MOZART: Symphonies Nos. 40, 28 and 31 (Barry Wordsworth/ Capella Istropolitana/ Gunter Appenheimer) (Naxos: 8.550164)
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Wolfgang Amadeus Mozart (1756- 1791)
Symphony No.28 in C Major, K. 200
Symphony No.31 In D Major, K. 297 (Paris)
Symphony No.40 In G Minor, K. 550
Wolfgang Amadeus Mozart was born in Salzburg in 1756, the son of acourt musician, Leopold Mozart, whose important book on the study of the violinwas published in the same year. Leopold Mozart was to remain for the greaterpart of his life in the service of the Archbishops of Salzburg, rising in 1763to the position of deputy Kapellmeister, the summit of his career. WolfgangAmadeus Mozart, the second and youngest surviving child of his father'smarriage, showed prodigious gifts as a child, and these abilities werecarefully nurtured by his father, whose own interests were thenceforwardsacrificed to his son's advancement in pursuit of what Leopold Mozart was toregard as a divinely appointed mission. In material terms his final achievementwas a failure, but in musical terms a miraculous success.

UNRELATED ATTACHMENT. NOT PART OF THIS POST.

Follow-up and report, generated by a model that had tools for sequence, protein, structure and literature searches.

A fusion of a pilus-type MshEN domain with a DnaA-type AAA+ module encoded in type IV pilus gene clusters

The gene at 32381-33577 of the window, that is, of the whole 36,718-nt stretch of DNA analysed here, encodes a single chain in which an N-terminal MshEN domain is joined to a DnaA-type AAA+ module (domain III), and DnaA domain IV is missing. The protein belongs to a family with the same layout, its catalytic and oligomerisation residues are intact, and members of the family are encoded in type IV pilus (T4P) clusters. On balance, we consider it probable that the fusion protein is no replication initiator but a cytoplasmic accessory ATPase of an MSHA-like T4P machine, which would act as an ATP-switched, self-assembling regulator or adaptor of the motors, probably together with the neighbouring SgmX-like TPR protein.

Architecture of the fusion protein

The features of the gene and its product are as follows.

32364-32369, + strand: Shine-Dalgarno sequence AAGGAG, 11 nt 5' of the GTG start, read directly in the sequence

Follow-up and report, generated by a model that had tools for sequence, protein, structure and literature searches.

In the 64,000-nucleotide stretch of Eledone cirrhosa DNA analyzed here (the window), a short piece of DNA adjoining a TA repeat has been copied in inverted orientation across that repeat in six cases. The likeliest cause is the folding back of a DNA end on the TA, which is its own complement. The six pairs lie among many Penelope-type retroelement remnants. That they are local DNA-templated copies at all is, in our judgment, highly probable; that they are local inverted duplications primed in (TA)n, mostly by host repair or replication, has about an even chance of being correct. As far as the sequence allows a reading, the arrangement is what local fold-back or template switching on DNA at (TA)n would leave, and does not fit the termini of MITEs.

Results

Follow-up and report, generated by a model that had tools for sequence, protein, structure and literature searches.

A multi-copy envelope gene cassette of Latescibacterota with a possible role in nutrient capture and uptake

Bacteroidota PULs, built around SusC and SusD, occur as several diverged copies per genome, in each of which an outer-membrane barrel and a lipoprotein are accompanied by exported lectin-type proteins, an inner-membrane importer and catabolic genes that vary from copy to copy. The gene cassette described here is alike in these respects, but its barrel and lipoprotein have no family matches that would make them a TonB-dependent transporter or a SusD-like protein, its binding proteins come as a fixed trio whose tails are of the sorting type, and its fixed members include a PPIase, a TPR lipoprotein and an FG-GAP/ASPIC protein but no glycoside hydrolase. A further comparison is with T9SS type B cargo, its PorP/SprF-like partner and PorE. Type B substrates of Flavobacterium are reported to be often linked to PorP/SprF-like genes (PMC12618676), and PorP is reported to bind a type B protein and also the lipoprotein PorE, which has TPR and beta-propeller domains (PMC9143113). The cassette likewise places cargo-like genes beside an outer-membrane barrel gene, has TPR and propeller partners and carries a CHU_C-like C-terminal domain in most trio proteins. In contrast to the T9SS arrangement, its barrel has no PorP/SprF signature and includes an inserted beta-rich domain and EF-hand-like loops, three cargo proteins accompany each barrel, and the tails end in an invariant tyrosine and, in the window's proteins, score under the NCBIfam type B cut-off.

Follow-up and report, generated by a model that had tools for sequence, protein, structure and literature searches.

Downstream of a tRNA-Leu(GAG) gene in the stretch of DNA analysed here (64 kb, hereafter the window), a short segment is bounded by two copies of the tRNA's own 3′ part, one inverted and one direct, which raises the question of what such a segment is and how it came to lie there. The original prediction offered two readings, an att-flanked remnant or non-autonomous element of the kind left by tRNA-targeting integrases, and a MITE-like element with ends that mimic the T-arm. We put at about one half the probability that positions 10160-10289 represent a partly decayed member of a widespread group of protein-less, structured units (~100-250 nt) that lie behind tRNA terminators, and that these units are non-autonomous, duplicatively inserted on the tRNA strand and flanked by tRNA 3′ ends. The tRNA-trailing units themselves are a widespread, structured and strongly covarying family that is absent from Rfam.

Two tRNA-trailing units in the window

Young Mozart spent his precocious childhood in a series of concerttours that took him to the cities of Austria and Germany, to Paris and toLondon, greeted wherever he stayed with curiosity and wonder. The boy hadremarkable ability as a keyboard-player, as a violinist and as a composer, andall these gifts were displayed, in conjunction with the less remarkable talentsof his elder sister, Anna Maria, known in the family as Nannerl.